Subsequently, New Stream’s marketing department, lead by Ms. Bryson, raised nearly $50 million from new investors. Those investors were provided with solicitation materials which predated the deal with Gottex and thus did not mention the revised capital structure. New Stream’s operative financial statements were altered by Mr. Pereira to conceal the revisions to the altered operating structure. The new investors were not informed about the Gottex deal.
As the financial crisis continued New Stream faced $545 million in redemption requests. Further redemptions were halted. It ceased raising new investor money. Eventually New Stream and its affiliates filed for Chapter 11 bankruptcy. The Commission’s complaint alleges violations of Securities Act Section 17(a), Exchange Act Section 10(b) and Advisers Act Sections 206(1) and (2) and Section 206(4).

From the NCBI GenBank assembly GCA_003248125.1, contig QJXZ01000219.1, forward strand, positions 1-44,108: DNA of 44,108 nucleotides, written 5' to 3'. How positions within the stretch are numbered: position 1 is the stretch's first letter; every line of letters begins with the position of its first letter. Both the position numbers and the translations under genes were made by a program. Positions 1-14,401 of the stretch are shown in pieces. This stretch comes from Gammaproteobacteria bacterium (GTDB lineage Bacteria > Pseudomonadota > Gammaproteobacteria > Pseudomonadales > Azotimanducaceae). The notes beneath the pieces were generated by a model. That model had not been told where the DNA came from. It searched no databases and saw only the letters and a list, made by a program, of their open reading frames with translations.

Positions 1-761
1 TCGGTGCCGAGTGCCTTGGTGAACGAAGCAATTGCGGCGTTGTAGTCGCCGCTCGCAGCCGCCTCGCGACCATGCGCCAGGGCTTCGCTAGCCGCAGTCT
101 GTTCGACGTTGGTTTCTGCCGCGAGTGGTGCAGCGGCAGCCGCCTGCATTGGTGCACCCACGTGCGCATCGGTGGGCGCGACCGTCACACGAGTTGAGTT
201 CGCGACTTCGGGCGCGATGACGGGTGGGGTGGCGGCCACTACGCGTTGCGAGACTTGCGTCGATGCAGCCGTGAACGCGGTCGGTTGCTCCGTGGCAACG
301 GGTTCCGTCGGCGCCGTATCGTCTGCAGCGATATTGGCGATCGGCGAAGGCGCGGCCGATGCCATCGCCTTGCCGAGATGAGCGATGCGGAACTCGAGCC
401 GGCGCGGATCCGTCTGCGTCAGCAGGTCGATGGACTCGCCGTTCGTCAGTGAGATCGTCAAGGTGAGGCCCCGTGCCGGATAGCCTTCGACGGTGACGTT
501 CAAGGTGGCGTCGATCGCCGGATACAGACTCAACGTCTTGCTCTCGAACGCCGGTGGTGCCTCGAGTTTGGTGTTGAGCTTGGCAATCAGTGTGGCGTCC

Ms. Bryson, who is charged in counts based on Securities Act Section 17(a), Exchange Act Section 10(b) and Advisers Act Section 206(4), settled with the Commission, consenting to the entry of a permanent injunction based on those Sections. She also agreed to be barred from the securities industry. The other defendants are litigating the case.